If you say it softly, it’s not so bad. Now what’s that supposed to mean?
Well, it’s a conclusion I’ve reached after years and years of observation as to how people choose to express themselves. Shouting out a word — if you overlook the possibility of rousing someone from slumber — is worse than whispering it.
Let me explain:
Some people, loath to use the f-word, or the b-word, or the s-word, or any other alphabetical sequence-word, tend to downplay it, to reduce it to a mere whisper, on the assumption that if they utter the word softly, there’s no harm, no foul. A high school classmate, upset over the grade he got in chemistry, once told me in a quite audible tone, “That teacher’s an ---” He hushed the descriptive word he was about to use, and all I could hear was a barely audible word that had to have begun with a vowel, as indicated by the fact that he used “an” instead of “a.”
Now, reader, please try to realize the difficulty in writing about so-called “bad words” when it’s our newspaper’s policy to keep it clean, to write purely in prose that’s pleasing to plenty of people. Hence my vivid recollection of the manner of speaking by my former boss, David Giuliani, now reporting for a newspaper in central Illinois. Each morning, as I reported for work, I’d ask David, “What’s the latest scoop.” One time he told me of an elected official who had invited members of the press to “kiss my green and gold a--.”
Note that the “a--” serves a dual function: first, it keeps me from spelling out the word that indicates the posterior, the derriere, the part of the anatomy intended by the speaker; it also highlights the fact that utterers of the alleged offensive term reduce the volume. That way, they can always claim they did not use “that word.”
I once thought I’d heard a friend utter “God almighty!” when she dropped something frangible in the rain. Now, Sister Rosario Grandote, our homeroom teacher, and all the other nuns at Immaculate Conception School, admonished us to watch our language and never be profane. The butter-fingered student successfully explained that what she really had said was “got all muddy.”
But does it really matter what a person says? Isn’t the meaning behind the words what really counts? There is no phonetic difference between “damn” and “dam,” yet one is a no-no, and the other represents a structure that’s going to solve all of Las Vegas’ water problems.
Another observation is of people who seem to believe that if they lower their voice when revealing something important, the hushed tones denote a secret. We used to have a neighbor who apparently loved sharing family secrets, without really seeming to. She didn’t want to appear indiscreet when out in the street. Once the neighbor, in the course of telling us all about family, lowered her voice and whispered something unrevealable about her 16-year-old daughter: “I think my daughter is drinking when she goes out on dates. But I’d appreciate it if you’d keep this in confidence.”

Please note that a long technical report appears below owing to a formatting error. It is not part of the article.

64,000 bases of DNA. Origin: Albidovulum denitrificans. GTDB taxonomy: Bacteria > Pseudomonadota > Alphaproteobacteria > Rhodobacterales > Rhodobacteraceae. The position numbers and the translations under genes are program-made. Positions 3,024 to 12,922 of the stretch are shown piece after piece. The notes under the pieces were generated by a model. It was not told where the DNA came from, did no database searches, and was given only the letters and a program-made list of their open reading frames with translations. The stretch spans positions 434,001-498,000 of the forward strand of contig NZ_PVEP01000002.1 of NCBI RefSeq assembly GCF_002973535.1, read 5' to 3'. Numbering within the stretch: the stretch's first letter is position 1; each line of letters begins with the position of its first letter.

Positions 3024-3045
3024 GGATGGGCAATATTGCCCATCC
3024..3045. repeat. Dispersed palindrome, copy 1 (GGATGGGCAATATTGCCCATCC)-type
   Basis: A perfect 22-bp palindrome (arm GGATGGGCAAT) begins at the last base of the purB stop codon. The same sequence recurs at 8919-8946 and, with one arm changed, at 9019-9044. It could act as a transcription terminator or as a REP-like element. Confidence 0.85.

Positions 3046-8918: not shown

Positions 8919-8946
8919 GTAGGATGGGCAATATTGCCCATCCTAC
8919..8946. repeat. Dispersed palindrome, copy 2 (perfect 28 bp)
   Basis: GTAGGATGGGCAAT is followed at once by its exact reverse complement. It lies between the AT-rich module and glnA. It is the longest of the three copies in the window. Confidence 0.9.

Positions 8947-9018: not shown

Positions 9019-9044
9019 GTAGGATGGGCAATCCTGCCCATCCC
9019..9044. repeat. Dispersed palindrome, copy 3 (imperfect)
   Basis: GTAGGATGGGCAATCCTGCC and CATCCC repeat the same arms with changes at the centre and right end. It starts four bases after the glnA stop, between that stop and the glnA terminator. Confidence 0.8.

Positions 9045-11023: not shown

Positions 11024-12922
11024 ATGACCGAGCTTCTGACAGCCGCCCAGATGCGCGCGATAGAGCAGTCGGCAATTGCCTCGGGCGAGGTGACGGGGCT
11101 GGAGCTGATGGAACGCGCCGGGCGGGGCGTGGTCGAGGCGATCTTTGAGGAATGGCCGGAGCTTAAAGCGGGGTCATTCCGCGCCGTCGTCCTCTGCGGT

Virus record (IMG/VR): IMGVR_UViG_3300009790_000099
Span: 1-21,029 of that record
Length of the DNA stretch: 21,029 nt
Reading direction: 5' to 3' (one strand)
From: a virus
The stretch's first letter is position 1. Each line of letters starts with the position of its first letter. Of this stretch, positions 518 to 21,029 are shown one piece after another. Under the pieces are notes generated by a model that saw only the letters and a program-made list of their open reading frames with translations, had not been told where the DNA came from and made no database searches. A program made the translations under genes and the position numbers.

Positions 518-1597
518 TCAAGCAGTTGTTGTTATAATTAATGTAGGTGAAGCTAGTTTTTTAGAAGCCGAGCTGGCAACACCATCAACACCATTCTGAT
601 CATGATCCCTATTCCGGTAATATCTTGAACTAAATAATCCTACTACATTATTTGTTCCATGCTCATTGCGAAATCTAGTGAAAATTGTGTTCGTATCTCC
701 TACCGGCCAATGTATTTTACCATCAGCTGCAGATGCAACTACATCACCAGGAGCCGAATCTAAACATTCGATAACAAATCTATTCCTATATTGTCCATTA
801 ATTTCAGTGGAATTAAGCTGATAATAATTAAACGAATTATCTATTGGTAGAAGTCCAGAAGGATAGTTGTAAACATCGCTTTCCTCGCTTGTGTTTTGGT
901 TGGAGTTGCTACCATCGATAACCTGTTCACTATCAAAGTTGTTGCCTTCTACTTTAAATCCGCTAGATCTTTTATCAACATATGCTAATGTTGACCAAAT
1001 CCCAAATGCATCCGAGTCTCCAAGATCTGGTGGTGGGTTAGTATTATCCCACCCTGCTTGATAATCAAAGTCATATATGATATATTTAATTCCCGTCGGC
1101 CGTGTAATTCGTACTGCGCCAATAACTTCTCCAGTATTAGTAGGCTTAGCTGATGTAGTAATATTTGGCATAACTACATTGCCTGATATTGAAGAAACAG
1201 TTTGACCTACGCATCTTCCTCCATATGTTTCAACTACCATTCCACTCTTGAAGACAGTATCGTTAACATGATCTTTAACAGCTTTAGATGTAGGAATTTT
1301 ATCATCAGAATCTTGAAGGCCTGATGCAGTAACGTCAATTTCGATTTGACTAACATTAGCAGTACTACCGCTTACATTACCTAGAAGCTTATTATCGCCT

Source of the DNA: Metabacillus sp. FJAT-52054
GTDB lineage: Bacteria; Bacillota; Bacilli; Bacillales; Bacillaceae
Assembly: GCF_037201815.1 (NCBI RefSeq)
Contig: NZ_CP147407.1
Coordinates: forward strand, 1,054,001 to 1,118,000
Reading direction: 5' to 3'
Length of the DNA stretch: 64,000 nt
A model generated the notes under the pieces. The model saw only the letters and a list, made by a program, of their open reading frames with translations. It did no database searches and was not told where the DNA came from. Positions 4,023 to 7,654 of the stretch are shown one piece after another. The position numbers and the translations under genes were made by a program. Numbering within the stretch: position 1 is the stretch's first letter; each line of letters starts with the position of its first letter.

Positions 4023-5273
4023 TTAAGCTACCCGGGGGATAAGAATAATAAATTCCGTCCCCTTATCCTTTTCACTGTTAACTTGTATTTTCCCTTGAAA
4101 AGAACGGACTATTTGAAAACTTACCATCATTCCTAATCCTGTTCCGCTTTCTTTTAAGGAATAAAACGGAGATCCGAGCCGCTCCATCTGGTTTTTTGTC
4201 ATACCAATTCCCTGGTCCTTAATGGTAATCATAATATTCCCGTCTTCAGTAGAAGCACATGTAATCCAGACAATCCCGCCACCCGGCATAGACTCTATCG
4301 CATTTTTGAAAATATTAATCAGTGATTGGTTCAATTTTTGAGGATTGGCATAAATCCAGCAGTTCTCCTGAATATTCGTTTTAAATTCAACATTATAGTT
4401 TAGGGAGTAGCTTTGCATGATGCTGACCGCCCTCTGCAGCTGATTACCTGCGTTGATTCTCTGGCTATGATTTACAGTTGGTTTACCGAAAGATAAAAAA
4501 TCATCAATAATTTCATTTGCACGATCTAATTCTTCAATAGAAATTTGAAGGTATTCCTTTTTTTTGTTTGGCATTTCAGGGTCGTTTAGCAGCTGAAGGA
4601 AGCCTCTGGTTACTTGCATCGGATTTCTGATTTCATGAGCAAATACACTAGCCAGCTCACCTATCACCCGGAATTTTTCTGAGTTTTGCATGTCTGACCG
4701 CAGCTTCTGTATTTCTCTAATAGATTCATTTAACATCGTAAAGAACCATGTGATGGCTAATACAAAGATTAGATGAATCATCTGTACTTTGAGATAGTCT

Fair enough, but on her walk, our neighbor soon came across yet another over-the-back-fence companion; they exchange pleasantries, and within seconds, she discussed Missy’s imbibabilities. Now how many people need to be in on the secret — given without coercion — before it ceases to be a secret? The definition of a secret is something we keep until we meet the next person. Without seeming like Señor Apathetic, there are times when I’d rather not even hear about people’s kids’ libation quotients. Usually it’s safer not to know — and not to pry. When the secret runs full circle, some people either swear the other person forced the secret out of them, or else they claim, “It was a secret. Why, I only told it to 17 of my neighbors, my in-laws and the UPS and FedEx guys.”
So, the way we express things either as supposed secrets or supposed euphemisms says a lot about us.
Even when we whisper them or try to camouflage them with a sound-alike.
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Clean up after your pet. That admonishment appears both at the Plaza and Carnegie Park. The placement of plastic bag dispensers is a good idea. But it works better when the dispensers are serviced. It’s unlikely the stashes of bags have been replaced in months. Let’s walk the talk as we walk our pups. There are too many cases of people’s shoes picking up some of that canine s-word.
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Why is it that of the six electronic message boards owned by the East and West school districts, only two of them (one for each district) are operational?
Art Trujillo is a copy editor at the Optic and a contributing member of the newspaper’s Editorial Board. He may be reached by calling 425-6796 or by e-mail to email@example.com or firstname.lastname@example.org.